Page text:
Soon after, the Mines and Industries Department started helping businessmen seek out international paper manufacturers interested in the fibrous stalk of the cannabis plant. One was a farmer called E.D. Punter. Punter also wanted to grow the hemp plant for oil pressing and bird seed. His close work with the Industries Department earned the ire of the Department of Public Health, which in 1923 strongly reprimanded them for their efforts.
The law route
By 1923, debates around dagga had become highly racialised. Cannabis consumption had historically been described by white colonists as an immoral habit of African and Indian communities. In the years after Union, calls for prohibition of cannabis combined racist fears popular in the print media with policies meant to control cannabis-based livelihoods, medicine, and leisure.
This emboldened domestic criminal legislation as well as a push for global prohibition. On the international stage, the government of Jan Smuts urged international diplomats at the League of Nations in Geneva to consider including cannabis alongside opium in an updated international drugs convention.
In 1925, the original template for policing and suppressing cannabis production, consumption, and trade worldwide was agreed upon. Known as the Geneva Convention on dangerous drugs, it effectively fixed the entire cannabis plant as a subject of criminal law in domestic and international contexts. In one dramatic action, the deeply diverse forms and commodities of cannabis in Africa and Asia were effectively swept aside.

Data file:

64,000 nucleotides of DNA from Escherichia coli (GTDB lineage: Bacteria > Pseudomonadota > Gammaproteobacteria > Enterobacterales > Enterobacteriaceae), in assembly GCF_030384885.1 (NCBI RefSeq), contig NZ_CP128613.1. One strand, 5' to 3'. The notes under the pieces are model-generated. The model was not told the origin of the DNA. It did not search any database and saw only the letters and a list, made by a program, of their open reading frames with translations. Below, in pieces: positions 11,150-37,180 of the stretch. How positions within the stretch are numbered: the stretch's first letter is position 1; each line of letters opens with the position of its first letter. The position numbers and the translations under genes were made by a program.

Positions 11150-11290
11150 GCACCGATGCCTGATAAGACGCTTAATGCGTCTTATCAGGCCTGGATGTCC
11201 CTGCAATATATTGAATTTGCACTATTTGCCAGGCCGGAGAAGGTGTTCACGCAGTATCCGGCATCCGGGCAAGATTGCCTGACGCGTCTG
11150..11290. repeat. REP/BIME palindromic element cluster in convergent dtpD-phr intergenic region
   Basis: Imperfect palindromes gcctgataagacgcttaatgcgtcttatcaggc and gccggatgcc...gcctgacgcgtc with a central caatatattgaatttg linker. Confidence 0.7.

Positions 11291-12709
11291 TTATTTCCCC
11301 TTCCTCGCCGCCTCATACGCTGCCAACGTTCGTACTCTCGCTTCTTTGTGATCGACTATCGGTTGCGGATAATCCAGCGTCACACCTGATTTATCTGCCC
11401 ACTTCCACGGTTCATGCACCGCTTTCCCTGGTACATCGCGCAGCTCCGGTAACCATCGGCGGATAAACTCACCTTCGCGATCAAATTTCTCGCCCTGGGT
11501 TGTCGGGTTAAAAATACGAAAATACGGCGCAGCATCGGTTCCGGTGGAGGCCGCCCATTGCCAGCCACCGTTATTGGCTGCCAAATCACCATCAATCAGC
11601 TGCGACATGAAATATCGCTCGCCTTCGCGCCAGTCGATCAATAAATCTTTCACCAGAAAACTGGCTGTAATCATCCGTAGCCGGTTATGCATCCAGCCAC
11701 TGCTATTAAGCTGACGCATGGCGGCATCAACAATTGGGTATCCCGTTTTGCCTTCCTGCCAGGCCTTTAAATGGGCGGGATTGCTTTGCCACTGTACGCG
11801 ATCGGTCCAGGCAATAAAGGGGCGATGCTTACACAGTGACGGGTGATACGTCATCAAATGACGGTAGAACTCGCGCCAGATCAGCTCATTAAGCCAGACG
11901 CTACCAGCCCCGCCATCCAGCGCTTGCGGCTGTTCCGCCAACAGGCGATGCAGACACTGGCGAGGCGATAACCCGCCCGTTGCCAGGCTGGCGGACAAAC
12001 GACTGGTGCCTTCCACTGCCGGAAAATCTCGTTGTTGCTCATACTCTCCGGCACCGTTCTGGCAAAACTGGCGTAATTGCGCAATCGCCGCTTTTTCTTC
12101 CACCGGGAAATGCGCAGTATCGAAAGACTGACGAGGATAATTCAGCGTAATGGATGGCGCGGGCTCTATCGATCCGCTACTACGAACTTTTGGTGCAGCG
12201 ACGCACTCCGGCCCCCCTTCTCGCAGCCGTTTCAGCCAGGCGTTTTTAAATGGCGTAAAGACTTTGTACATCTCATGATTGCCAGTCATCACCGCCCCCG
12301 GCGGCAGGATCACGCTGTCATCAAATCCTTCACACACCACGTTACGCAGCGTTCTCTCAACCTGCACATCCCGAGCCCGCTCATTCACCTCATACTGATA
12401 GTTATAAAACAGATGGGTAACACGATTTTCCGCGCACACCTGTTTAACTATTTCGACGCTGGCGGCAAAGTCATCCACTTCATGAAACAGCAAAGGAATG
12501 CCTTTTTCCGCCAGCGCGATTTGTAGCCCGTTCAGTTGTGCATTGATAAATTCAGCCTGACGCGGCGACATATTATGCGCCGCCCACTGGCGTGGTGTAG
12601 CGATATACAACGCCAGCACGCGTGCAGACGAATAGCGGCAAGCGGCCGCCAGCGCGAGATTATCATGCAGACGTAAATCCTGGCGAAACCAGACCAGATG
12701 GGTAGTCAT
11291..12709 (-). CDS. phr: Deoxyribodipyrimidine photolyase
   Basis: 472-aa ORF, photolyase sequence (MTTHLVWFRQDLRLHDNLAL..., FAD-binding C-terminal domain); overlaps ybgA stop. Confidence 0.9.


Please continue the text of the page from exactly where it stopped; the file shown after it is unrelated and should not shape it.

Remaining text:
Even as Smuts’ government pursued international criminalisation, the Industries Department elicited private efforts to test the commodity’s prospects. Mr W. Perfect from Ladysmith in Natal urged the department to experiment with “insangu-based rope”. He hoped that hemp rope would be a great representation of the dominion at the 1924 British Empire Exhibition in London.
But the Smuts government had other plans. It continued to apply diplomatic pressure to ensure that cannabis was criminalised alongside opium.
The ripples of this historical contradiction are worth revisiting as South Africa enters a new phase of regulation. In 2018 the country’s Constitutional Court passed a landmark judgment decriminalising cannabis consumption inside private dwellings. This paved the way for an estimated 900,000 farmers to cultivate cannabis licitly.
Pro-legalisation voices have hailed the judgment as an important step. It challenged the racial history of dagga legislation that was rooted in colonial systems of prejudice. But 100 years later, small-scale farmers and consumers remain vulnerable to the international cannabis market unless they’re adequately protected. Specific cultural knowledge of cannabis must also be factored into policy because cannabis has diverse symbolic meanings and styles of cultivation and use.
With billions in potential revenue at stake, the ordinary South African consumer for whom dagga has historically been a normal everyday object of leisure or healing must not be written out of history.
_ This is the third article in a series on drug regimes in southern Africa. They are based on research done for a special edition for the South African Historical Journal. Read the full paper over here.